I am well aware that the majority of black folks are not shooters, thugs and killers. So it is understandable why I still get horrified when that kind of activity goes on. Even more disturbing is that it is no longer those in their late teens making the headlines, but rather those in their mid-teens. 

If there is an image that will forever be embedded in my mind, it was the security video of Deonta Mackey getting shot by the off duty officer whom he tried to rob at the gas station. The image of Deonta lying on the ground and then attempting to use all of his strength to get up and collapsing back down while his life drained out of his body should be mandatory viewing for all parents, accompanied by their children, 10 and older, as a reminder that “those who live by the sword, die by the sword.” 

In the recent murder of Demario Bailey by alleged killers Deafro and Tarik Brakes, Isiah Penn and Carlos Johnson, the great aunt of the Brakes brothers told the media, “They were not raised like this.” But in today’s world we no longer get to see or know who these parents are and if they truly did “raise them to not be like that.” 

With children and their parents having a variety of last names in a single household, the background of the families that these four perps came from is an unknown factor. I do understand why the media focuses on Demario as he was the innocent victim. But where is the media with the guts to begin to focus on the other half — the irresponsible half that produces young people who care so little for human life that they can shoot someone over a coat?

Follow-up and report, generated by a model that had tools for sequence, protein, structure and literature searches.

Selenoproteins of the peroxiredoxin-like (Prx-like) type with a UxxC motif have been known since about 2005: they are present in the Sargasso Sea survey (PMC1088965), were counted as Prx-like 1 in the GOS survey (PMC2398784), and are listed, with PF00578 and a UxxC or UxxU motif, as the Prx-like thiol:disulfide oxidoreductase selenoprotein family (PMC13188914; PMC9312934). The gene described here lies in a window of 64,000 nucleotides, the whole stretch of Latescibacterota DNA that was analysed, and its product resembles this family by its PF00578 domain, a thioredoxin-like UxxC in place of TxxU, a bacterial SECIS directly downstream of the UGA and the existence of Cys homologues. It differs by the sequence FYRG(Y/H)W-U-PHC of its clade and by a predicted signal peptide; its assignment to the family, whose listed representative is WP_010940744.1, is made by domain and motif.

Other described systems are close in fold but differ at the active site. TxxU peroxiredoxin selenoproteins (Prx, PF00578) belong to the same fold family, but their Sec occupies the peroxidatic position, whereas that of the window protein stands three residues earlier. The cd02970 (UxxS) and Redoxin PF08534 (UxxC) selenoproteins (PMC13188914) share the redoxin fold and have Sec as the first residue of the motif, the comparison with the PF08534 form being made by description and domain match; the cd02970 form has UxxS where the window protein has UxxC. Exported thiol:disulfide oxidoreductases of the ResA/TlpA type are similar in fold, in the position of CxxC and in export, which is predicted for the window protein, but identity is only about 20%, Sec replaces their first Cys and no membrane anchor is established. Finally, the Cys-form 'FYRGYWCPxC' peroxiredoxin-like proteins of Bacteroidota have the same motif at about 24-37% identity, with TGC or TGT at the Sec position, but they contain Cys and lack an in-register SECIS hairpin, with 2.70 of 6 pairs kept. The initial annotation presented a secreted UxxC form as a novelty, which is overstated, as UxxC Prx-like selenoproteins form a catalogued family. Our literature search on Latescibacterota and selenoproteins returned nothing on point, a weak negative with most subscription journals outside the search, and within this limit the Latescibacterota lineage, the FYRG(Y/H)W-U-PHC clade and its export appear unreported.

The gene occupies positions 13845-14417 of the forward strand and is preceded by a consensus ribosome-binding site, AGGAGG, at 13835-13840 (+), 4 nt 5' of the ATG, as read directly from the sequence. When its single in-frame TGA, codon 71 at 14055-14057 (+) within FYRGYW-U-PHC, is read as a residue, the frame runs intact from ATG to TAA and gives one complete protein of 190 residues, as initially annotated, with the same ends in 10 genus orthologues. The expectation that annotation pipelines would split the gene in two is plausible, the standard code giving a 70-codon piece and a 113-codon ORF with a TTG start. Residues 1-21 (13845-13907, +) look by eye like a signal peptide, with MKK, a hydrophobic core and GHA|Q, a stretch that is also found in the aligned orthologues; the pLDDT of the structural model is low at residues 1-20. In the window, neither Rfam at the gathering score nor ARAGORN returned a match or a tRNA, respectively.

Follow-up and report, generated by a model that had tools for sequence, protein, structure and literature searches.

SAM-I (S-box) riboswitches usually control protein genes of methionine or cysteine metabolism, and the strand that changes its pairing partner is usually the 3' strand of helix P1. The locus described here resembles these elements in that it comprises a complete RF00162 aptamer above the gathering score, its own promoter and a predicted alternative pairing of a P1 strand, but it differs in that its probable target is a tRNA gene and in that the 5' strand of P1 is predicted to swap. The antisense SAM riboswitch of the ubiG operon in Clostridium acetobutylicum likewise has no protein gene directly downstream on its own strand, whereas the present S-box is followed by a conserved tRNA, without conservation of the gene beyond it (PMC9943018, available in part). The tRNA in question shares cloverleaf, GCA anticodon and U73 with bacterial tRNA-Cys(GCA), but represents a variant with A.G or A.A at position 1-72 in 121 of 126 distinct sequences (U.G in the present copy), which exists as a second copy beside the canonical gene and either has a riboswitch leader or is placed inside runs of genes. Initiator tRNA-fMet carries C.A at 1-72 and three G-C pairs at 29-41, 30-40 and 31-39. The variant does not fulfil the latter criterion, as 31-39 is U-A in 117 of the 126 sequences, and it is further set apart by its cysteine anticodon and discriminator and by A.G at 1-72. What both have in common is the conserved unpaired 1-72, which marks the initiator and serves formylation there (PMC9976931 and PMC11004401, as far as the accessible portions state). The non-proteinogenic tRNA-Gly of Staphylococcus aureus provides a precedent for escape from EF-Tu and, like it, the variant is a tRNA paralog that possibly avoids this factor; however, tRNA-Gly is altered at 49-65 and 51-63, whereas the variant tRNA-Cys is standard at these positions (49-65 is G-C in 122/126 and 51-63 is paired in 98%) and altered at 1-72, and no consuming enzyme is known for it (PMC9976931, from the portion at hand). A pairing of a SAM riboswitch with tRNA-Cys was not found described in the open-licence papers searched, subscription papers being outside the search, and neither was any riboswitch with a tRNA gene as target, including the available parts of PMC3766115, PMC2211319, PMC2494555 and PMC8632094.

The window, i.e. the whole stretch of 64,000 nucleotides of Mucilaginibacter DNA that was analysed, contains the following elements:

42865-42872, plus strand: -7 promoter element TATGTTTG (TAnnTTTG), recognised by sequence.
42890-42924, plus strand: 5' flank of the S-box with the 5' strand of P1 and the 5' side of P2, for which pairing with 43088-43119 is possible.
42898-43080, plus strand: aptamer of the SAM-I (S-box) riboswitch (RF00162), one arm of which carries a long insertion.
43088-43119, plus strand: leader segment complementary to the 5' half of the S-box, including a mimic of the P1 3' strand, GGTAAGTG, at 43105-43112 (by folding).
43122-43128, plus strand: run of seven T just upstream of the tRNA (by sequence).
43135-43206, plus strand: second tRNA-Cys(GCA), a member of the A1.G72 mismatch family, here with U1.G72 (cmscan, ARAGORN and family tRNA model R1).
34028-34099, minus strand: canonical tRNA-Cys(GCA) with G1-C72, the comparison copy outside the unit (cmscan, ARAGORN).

I wonder if I tried to get those same four boys the day before Demario’s murder to go into Goodwill to buy some clothes if they would have had some very unkind words to tell me: like where I should go and how I could get there. I asked my favorite young person for his opinion and he told me “No.” Why buy when you can steal! 

Just before Christmas, on Saturday, Dec. 20, Jawaad Jabbar and his two 16-year-old friends went to the mall in Dayton, Ohio to buy the new limited edition Jordan gym shoes. They must have arrived too late to get in line to get a pair, so Jawaad decided in a “Deonta Mackey moment” to pull a handgun on a customer who had purchased his shoes. Jawaad experienced his “Mackey moment” when that shopper who held a concealed carry permit and his own gun pulled it out and shot Jawaad dead. 

What is most astonishing in the Dayton case is that Jawaad lived with his father. Far too often, we are told that the thugs in our communities are what they are because they lack a father figure in their life. The other astonishing thing is that one of his companions lived with both his father and mother. The father of that accomplice to the robbery, Derrick More, about how he had given his son money to buy the shoes. He too said, “My son got around the wrong guy. He wasn’t brought up like this; he wasn’t raised in the streets.”

I wish I had the answer as to why some of our young people choose the criminal route. But what I can say is this: A parent’s job is to parent. It is not to be a buddy. It is not to think that the job of raising a child is over at 15 or 16 or even 17 years of age. Talk, talk and then talk some more to your children. 

As mine recently told me, “I did listen to some of the things you said.”

CONTACT: westside2day@yahoo.com | www.arlenejones.blogspot.com

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